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Abstract: PO0831

Serum Induces Major Transcriptional and Epigenetic Changes at COVID-19-Associated Gene Loci in Primary Renal Epithelial Cells

Session Information

Category: Coronavirus (COVID-19)

  • 000 Coronavirus (COVID-19)

Authors

  • Lidberg, Kevin, University of Washington, Seattle, Washington, United States
  • Muthusamy, Selvaraj, University of Washington, Seattle, Washington, United States
  • Adil, Mohamed, University of Washington, Seattle, Washington, United States
  • Reichel, Jonathan, University of Washington, Seattle, Washington, United States
  • Himmelfarb, Jonathan, University of Washington, Seattle, Washington, United States
  • Kelly, Edward J., University of Washington, Seattle, Washington, United States
  • Akilesh, Shreeram, University of Washington, Seattle, Washington, United States
Background

Tubular epithelial cells express high levels of COVID-19 entry receptors ACE2 and the accessory protease TMPRSS2. High systemic levels of IL-6 and IL-8 may contribute to the “cytokine storm” associated with poor outcome with COVID-19 infection. We sought to understand the regulation of these key genes in a 3D microphysiological system (MPS) containing primary human tubular epithelial cells treated with human serum, a surrogate for a disease-state ultrafiltrate.

Methods

Primary human tubular epithelial cells cultured in the 3D MPS were exposed to 0.5 and 2% serum for 48 hours and their transcriptional responses were evaluated by RNA-seq. Observed changes in transcription of secreted proteins were validated by ELISA on MPS effluents. We also orthogonally validated our MPS findings against gene expression and chromatin accessibility (ATAC-seq) data generated from intact human renal cortex and primary tubular epithelial cells cultured in 2D in the presence of 10% serum.

Results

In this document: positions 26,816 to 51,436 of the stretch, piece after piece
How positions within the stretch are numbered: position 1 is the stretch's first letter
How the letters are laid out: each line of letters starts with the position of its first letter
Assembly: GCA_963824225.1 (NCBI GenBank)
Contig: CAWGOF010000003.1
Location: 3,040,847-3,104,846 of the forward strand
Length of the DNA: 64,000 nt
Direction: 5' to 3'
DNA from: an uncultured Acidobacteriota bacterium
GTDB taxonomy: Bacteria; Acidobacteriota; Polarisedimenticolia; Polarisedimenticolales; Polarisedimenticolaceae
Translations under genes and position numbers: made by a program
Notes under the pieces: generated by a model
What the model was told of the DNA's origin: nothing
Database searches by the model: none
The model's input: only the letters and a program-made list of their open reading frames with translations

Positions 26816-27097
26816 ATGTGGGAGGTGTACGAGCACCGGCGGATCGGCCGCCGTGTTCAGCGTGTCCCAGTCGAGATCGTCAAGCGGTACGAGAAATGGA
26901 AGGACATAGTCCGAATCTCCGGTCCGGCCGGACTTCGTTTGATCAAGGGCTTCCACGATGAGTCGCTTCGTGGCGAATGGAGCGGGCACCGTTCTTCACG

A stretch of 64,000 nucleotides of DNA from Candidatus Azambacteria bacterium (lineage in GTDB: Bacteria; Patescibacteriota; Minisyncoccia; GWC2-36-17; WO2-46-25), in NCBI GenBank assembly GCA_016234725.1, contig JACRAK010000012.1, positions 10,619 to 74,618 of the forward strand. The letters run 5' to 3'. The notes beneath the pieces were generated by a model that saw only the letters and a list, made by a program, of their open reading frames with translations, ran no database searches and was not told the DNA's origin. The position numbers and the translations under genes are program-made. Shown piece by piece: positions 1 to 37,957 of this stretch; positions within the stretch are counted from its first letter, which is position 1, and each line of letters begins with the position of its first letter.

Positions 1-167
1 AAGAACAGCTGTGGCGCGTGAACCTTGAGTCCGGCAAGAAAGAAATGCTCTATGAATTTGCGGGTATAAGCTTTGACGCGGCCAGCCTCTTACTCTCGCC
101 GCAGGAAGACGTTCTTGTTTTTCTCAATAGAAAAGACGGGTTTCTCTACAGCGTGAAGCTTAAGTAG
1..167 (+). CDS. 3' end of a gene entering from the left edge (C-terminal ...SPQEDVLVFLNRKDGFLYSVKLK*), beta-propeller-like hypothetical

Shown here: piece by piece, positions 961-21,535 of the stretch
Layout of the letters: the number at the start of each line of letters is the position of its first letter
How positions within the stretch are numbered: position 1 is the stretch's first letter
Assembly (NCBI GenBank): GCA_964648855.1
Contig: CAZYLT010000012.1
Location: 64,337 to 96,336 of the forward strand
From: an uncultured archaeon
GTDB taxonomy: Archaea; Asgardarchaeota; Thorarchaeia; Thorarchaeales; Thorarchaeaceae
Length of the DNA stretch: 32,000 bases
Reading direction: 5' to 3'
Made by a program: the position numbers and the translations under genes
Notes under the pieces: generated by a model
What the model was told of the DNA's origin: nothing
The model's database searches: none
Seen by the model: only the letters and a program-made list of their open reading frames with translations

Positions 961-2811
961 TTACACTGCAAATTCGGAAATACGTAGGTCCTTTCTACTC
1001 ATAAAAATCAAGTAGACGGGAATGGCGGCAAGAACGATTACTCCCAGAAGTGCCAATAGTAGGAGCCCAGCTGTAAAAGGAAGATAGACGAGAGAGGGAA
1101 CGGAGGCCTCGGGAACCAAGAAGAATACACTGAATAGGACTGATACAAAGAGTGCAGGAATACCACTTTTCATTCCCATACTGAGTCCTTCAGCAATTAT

Serum exposure of tubular MPS elicited 535 up and 285 downregulated genes with upregulation of pro-inflammatory and chemotactic cytokines IL6 and IL8 consistently seen across multiple donors. This was associated with increased IL6 and HAVCR1 (KIM-1) protein secretion in MPS effluents. Tubular epithelial cells cultured in 2D with 10% serum expressed higher levels of HAVCR1 (up 4.5x), LCN2 (NGAL, up 6x), IL6 (up 11.2x) and CXCL8 (IL8, up 7.6x) compared to renal cortex. In contrast, ACE2 (down 8.6x) and TMPRSS2 (down 4.4x) were significantly downregulated. Analysis of open chromatin regions revealed a stress response signature at these gene loci, indicating active regulation in response to injury.

Conclusion

Proteinuria is common in COVID-19 infected patients and we studied serum-exposure, as a model of glomerular dysfunction and subsequent proximal tubule responses in our kidney MPS. Serum induces the expression and secretion of IL6 and IL8, suggesting a localized, pro-inflammatory tubule response. Our epigenetic analysis revealed that COVID-19 associated genes have a stress response signature with implications for inter-individual variability in expression. Our kidney MPS model and data represent a powerful system for studying the complex effects that COVID-19 infection exerts on the kidney.

Funding

  • Other NIH Support